Communications Minister Faith Muthambi has told members of the interim SABC board that they cannot proceed with their job until they have been vetted by the state security department.
Her letter to the board members on Wednesday came less than a week after the board was appointed by President Jacob Zuma.
Muthambi said she would countersign Zuma's decision after security clearance had been granted.
She referred to a section of the Constitution that states that a written decision by the president "must be countersigned by another Cabinet member if that decision concerns a function assigned to that other Cabinet member".
A source with inside knowledge of the letter confirmed its contents.
Communications ministry spokesperson Mish Molokeng told News24 on Thursday that Muthambi was "simply bringing the vetting process to the attention of the new board members because it is an inherent and critical step in appointing members to the SABC board".
On Sunday Zuma announced the appointment of Khanyisile Kweyama, John Matisonn, Mathatha Tsedu, Febe Potgieter-Gqubule and Krish Naidoo for six months.
Kweyama and Tsedu were appointed as chairperson and deputy chairperson of the SABC board respectively.
The notice was posted with the president's signature in the Government Gazette on Wednesday.
In the letter Muthambi asks the board members to send a copy of their identity books to her ministry to "facilitate security clearance as the South African Broadcasting Corporation is declared as a national key point in terms of the National Key Point Act".
She said the SABC board reported to Parliament via the executive authority for communications in terms of the Public Finance Management Act. Thus, her signature was necessary, she said.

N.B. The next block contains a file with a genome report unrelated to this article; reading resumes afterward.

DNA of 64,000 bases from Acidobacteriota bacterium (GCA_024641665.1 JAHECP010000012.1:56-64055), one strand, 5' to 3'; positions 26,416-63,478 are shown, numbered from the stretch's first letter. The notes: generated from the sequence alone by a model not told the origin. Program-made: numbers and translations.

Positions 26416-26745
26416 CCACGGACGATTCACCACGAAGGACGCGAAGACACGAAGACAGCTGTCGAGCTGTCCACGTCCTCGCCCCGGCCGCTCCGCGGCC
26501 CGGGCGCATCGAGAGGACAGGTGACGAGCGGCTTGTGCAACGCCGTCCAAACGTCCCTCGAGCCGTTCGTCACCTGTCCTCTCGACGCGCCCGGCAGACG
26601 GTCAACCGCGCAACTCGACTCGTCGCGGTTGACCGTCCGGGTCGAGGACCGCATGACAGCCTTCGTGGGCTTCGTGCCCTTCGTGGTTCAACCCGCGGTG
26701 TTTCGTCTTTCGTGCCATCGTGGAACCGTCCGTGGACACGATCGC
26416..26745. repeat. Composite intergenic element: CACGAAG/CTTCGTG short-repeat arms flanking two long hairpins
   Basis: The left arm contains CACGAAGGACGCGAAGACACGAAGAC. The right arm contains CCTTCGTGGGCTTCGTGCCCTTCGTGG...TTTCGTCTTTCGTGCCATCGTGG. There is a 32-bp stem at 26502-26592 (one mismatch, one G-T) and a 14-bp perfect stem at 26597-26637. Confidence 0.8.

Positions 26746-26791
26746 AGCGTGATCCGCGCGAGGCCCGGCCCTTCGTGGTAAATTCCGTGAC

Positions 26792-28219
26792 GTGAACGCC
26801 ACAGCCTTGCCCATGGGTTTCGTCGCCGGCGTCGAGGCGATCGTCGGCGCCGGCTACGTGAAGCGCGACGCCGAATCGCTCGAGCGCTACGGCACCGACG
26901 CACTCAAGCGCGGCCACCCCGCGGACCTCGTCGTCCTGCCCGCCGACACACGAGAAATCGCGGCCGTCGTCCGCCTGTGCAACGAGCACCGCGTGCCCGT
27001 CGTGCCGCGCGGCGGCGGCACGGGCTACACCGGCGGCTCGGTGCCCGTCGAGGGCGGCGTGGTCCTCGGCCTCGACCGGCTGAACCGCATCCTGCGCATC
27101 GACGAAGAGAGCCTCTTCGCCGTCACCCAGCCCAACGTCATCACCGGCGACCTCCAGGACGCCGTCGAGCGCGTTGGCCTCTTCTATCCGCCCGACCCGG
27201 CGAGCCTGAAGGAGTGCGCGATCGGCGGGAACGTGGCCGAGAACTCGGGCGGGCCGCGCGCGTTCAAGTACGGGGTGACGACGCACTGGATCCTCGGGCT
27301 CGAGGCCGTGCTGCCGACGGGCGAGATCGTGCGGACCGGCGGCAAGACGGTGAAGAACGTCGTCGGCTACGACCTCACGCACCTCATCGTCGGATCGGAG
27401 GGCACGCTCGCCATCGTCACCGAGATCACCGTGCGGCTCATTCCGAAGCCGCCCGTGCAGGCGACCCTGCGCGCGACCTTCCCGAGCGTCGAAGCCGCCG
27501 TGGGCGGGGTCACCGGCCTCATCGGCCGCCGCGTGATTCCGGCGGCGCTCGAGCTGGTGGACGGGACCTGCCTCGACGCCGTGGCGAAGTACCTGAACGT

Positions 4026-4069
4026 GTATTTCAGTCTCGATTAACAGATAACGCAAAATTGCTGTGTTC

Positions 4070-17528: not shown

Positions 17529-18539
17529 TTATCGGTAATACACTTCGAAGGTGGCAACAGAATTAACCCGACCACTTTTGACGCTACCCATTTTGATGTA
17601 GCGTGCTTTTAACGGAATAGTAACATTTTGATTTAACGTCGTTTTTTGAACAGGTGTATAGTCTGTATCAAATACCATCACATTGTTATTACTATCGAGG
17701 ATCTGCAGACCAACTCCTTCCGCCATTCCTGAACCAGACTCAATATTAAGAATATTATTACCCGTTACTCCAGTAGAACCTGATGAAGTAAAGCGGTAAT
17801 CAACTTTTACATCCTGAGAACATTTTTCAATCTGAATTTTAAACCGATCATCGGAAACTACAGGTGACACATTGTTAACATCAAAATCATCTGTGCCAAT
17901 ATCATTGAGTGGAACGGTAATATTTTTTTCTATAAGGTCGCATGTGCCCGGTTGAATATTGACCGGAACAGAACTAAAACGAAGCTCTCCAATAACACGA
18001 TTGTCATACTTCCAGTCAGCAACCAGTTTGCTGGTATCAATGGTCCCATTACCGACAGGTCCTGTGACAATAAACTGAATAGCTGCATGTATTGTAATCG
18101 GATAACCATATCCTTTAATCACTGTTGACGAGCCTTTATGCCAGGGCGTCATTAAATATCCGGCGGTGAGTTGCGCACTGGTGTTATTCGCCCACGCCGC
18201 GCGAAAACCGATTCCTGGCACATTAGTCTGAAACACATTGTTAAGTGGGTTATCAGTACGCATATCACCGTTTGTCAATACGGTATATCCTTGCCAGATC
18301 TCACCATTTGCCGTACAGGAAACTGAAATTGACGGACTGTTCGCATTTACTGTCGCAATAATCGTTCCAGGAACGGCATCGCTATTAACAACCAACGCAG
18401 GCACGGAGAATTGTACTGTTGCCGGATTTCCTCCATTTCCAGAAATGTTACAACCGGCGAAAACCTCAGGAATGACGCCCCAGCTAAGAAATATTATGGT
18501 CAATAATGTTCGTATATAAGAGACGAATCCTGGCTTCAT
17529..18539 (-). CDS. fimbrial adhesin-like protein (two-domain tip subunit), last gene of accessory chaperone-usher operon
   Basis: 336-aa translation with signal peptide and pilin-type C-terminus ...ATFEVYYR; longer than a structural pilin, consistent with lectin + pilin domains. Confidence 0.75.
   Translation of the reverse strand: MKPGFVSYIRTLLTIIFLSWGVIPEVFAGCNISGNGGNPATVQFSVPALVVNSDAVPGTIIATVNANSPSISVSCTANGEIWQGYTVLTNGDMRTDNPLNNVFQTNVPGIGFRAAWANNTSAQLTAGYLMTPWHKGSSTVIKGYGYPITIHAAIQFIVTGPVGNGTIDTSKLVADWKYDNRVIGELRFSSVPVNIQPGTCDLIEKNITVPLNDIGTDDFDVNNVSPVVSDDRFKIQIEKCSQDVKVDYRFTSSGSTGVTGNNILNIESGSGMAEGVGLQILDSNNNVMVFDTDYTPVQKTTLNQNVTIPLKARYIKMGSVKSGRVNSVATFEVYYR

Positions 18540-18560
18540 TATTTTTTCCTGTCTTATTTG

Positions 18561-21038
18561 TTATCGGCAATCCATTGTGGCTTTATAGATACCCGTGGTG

She asked them to declare any direct or indirect interests in line with section 16 and 17 of the Broadcasting Act.
"You are therefore required not to commence with your duties as an interim board member until the security clearance process has been conducted by the state security department."
Zuma made the appointments in terms of section 15A (3) of the Broadcasting Act (Act 4 of 1999), and on the recommendation of the National Assembly.
"Millions of South Africans rely on the public broadcaster for news, information and entertainment. We wish Ms Kweyama and her team well as they begin the important task of leading and revitalising one of the most important national resources, the SABC," said Zuma on Sunday.
The public broadcaster has not been able to function optimally due to several troubling issues. The previous management team was accused of unnecessary expenditure, corruption, censorship and other allegations that crippled the organisation.
The Auditor-General's report last year disclosed irregular expenditure at the SABC.
Parliament's portfolio committee on communication on Thursday visited the SABC as part of its week-long oversight visit to various communication entities.
SABC spokesperson Kaizer Kganyago referred queries to Muthambi's office, saying he was in a meeting with the committee.
The committee chair Humphrey Maxegwana had not yet responded to a request for comment at the time of publishing.